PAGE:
Behavior of grizzly bears (Ursus arctos) toward people was studied by examining hikers' reports of grizzly bear observations and by intensively observing grizzlies in an area of Glacier National Park that was heavily used by day-hikers. Of concern were the apparent
habituation of grizzly bears to people in the study area, the increasing rate of human injuries by grizzly bears in the park, and the increased involvement of lone adult and subadult bears in injuries to hikers. Associations between environmental circumstances,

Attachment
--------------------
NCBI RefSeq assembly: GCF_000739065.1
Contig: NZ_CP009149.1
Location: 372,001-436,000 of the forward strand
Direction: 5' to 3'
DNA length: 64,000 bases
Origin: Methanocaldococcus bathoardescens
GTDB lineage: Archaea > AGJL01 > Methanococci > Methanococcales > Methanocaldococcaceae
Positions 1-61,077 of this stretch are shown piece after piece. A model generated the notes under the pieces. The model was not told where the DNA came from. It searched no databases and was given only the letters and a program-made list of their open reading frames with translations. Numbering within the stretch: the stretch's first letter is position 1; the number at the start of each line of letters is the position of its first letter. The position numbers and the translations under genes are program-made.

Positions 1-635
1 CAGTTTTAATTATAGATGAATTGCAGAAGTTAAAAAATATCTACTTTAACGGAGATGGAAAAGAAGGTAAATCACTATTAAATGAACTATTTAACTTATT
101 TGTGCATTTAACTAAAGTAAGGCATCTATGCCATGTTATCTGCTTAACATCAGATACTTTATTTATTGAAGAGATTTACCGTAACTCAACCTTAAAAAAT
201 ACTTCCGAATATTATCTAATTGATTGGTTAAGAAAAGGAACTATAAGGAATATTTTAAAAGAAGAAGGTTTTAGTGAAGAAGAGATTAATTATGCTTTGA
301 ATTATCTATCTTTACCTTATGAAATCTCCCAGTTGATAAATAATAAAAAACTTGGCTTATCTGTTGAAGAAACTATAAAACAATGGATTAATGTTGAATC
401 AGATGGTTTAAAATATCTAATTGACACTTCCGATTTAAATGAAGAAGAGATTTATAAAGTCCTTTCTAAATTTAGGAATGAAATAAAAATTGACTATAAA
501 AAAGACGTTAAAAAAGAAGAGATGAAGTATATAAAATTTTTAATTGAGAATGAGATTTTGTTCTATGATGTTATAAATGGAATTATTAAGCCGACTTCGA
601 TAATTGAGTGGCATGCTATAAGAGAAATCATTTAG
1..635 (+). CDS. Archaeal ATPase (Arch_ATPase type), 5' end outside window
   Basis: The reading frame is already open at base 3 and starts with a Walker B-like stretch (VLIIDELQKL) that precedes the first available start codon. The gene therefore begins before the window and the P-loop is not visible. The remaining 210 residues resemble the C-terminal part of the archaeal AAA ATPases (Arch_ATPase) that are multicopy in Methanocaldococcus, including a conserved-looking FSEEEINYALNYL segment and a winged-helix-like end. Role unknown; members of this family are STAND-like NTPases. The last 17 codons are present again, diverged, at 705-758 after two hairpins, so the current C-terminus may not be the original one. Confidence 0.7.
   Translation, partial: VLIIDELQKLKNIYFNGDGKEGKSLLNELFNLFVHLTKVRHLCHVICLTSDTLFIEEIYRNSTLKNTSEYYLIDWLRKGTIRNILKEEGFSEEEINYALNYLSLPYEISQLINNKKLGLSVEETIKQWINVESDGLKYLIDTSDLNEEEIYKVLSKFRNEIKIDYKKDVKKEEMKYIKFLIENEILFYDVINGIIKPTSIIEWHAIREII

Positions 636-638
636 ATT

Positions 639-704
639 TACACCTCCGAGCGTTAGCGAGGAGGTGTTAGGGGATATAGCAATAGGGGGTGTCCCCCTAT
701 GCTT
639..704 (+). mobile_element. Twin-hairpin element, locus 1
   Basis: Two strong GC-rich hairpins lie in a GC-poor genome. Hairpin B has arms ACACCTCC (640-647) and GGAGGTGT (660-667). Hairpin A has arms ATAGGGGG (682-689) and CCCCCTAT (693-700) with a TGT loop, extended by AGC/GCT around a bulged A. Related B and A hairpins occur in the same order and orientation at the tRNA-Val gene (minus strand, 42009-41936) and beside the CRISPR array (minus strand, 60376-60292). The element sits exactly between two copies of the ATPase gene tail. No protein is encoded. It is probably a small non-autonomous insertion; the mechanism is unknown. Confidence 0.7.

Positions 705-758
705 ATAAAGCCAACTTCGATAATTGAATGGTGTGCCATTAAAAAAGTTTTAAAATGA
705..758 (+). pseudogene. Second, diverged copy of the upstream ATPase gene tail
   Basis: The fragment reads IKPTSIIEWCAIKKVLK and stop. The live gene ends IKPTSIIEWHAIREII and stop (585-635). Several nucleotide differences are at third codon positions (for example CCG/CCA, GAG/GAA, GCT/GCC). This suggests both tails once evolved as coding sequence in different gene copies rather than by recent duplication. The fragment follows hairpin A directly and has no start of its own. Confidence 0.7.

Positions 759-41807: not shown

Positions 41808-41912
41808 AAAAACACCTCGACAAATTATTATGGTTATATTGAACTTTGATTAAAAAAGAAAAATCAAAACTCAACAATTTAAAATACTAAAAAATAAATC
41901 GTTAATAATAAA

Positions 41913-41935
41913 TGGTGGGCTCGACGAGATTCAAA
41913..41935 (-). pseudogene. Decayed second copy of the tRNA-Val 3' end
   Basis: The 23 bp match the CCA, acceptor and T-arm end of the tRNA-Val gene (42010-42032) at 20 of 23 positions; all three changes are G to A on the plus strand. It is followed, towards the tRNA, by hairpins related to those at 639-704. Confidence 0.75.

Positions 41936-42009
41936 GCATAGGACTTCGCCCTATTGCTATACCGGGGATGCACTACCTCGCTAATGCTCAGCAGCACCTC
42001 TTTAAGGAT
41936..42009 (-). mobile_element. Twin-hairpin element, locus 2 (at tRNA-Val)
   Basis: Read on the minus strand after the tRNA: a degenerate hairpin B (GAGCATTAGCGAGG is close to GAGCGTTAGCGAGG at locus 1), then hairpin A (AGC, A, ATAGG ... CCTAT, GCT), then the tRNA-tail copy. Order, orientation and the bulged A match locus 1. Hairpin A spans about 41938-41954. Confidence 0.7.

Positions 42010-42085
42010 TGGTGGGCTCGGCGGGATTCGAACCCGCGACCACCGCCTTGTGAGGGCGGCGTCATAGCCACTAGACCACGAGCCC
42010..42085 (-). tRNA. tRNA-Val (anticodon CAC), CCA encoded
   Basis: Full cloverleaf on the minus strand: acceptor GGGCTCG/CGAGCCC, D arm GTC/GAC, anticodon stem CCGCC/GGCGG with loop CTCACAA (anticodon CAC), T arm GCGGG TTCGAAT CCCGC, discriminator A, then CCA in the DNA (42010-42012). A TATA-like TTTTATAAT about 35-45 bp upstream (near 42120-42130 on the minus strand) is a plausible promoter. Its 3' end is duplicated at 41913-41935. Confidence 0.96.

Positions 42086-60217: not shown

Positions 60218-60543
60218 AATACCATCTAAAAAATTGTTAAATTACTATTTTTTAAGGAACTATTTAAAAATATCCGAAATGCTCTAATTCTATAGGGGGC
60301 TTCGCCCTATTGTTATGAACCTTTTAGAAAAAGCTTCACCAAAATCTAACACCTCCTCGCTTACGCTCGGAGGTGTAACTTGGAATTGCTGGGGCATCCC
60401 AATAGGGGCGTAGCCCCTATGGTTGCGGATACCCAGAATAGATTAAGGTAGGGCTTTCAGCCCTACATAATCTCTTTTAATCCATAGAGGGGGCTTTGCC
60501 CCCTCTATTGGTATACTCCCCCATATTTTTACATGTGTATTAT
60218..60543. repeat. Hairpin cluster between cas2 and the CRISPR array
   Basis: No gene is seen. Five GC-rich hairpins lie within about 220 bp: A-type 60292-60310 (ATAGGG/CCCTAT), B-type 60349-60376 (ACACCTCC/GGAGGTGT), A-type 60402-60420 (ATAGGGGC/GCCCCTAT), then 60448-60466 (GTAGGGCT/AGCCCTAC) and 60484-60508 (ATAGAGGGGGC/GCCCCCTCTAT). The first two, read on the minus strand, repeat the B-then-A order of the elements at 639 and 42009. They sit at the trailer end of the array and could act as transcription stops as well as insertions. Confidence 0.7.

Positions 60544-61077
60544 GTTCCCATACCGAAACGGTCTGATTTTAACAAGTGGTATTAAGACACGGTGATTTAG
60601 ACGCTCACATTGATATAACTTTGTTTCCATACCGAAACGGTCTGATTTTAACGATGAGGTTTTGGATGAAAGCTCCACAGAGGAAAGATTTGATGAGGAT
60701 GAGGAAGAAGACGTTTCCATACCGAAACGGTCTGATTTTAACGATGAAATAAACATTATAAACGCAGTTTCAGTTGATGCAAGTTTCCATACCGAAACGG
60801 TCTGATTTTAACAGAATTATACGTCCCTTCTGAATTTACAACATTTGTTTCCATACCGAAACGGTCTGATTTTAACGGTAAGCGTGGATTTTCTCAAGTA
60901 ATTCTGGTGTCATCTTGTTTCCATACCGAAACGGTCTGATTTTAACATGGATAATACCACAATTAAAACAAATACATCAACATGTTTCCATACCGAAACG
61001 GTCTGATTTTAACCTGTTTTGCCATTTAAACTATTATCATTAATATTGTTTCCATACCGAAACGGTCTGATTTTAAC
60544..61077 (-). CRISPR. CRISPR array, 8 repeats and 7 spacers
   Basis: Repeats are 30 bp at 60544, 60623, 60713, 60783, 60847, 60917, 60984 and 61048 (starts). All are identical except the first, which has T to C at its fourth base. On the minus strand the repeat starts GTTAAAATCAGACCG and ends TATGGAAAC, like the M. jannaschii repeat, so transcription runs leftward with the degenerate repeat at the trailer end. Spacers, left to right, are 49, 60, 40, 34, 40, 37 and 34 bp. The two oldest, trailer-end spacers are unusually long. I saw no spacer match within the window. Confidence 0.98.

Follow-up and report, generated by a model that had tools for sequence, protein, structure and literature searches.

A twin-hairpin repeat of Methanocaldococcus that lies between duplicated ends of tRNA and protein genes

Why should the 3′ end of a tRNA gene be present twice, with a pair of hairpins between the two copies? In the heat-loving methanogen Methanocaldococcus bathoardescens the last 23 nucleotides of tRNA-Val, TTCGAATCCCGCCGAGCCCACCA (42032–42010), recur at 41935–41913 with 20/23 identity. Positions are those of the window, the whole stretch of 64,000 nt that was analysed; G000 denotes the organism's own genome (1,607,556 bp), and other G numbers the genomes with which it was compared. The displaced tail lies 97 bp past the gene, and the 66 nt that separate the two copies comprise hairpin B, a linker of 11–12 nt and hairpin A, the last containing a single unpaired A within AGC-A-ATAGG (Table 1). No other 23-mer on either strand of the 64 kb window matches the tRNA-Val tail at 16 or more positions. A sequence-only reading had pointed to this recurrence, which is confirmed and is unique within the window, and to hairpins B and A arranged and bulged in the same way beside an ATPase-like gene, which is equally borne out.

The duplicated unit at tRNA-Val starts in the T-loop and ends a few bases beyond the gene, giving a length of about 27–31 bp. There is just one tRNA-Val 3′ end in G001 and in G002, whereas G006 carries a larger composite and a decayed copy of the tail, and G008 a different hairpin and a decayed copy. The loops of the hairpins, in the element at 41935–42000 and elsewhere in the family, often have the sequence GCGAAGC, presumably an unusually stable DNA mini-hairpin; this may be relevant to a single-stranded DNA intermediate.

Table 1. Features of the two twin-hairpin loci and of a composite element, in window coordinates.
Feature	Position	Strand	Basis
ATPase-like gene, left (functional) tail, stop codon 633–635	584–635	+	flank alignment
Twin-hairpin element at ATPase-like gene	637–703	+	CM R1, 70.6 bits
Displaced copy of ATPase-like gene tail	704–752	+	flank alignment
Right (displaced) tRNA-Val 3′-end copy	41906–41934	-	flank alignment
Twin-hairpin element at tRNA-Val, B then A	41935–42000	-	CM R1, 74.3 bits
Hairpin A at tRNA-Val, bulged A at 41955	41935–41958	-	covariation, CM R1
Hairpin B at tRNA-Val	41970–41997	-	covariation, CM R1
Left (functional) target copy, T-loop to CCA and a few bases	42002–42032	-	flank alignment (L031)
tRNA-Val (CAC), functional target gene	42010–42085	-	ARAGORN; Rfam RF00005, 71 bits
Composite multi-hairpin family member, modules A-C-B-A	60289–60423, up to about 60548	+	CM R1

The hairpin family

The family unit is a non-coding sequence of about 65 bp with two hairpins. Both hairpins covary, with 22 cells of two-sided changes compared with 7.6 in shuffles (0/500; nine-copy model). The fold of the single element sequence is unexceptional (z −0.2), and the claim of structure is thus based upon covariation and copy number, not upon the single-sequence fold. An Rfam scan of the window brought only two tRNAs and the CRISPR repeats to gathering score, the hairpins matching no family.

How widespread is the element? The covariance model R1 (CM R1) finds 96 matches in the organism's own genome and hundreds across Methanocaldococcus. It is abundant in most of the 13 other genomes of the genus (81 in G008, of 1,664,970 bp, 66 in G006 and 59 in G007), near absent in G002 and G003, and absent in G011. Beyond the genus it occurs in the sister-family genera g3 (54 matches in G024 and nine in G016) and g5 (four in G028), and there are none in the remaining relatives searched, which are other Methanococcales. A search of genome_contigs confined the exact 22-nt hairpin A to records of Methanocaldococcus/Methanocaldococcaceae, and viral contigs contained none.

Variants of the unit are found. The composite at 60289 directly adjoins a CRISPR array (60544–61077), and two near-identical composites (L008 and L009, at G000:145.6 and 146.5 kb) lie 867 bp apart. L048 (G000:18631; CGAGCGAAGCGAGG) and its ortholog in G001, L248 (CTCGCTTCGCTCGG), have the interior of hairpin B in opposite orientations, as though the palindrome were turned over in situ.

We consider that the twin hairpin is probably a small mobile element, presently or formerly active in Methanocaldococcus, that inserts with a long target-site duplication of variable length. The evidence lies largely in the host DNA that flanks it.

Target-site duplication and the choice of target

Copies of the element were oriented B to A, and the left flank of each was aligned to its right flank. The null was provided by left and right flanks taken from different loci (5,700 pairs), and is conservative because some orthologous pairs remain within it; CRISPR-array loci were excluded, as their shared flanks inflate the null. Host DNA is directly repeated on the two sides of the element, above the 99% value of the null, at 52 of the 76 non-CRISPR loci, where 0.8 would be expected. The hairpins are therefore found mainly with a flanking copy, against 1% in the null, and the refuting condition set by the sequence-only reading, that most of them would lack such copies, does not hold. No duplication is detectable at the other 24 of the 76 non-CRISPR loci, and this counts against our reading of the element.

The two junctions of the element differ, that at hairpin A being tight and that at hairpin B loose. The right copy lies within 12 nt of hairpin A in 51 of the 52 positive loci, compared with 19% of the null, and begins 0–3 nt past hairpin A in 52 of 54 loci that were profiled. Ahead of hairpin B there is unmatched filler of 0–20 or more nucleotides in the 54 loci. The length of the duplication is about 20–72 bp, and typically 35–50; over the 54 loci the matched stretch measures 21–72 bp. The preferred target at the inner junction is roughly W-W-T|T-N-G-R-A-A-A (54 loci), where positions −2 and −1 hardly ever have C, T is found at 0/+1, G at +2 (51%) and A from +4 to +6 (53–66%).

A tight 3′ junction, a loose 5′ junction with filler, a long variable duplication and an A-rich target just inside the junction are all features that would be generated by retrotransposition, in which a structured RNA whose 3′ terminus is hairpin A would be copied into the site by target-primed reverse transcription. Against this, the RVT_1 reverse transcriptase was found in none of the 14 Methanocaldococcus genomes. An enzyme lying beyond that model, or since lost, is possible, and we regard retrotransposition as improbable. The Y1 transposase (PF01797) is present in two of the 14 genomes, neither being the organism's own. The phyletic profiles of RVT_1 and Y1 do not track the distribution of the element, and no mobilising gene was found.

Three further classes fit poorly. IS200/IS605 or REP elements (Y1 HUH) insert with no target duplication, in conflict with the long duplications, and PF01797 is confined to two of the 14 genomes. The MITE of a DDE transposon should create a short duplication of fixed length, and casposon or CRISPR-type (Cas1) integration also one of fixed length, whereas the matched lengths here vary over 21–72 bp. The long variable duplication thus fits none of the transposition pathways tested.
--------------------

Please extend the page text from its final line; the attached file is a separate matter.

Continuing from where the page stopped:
including the presence and behavior of people, and grizzly bears' behavior were evaluated. Human use of the study area was associated primarily with season and weather. Numbers of grizzly bears observed were also associated with season as it reflected patterns of habitat use. Behavior of grizzly bears was associated primarily with the level of human activity, the presence of bear-bells, and the climatic circumstances under which the bears were seen. Although grizzly bears' fear response toward people appeared to habituate, they maintained a degree of vigilance that was related to conditions affecting the ease of scent perception. Charges, which have been associated with hiker injuries, involved only people who did not have bearbells. Charges occurred primarily along trails that received little human use although grizzly bears were also startled by hikers on trails with high levels of human use. Evidence indicated that habituation of grizzly bears' fear response did not lead to the increasing trend in the rate of human injuries. On the contrary, habituation may contribute to a reduction in the rate of injuries that result from fear-induced aggression. A possible mechanism for the increased rate of injuries is presented. Other types of aggression relevant to danger of human injury by grizzly bears are discussed.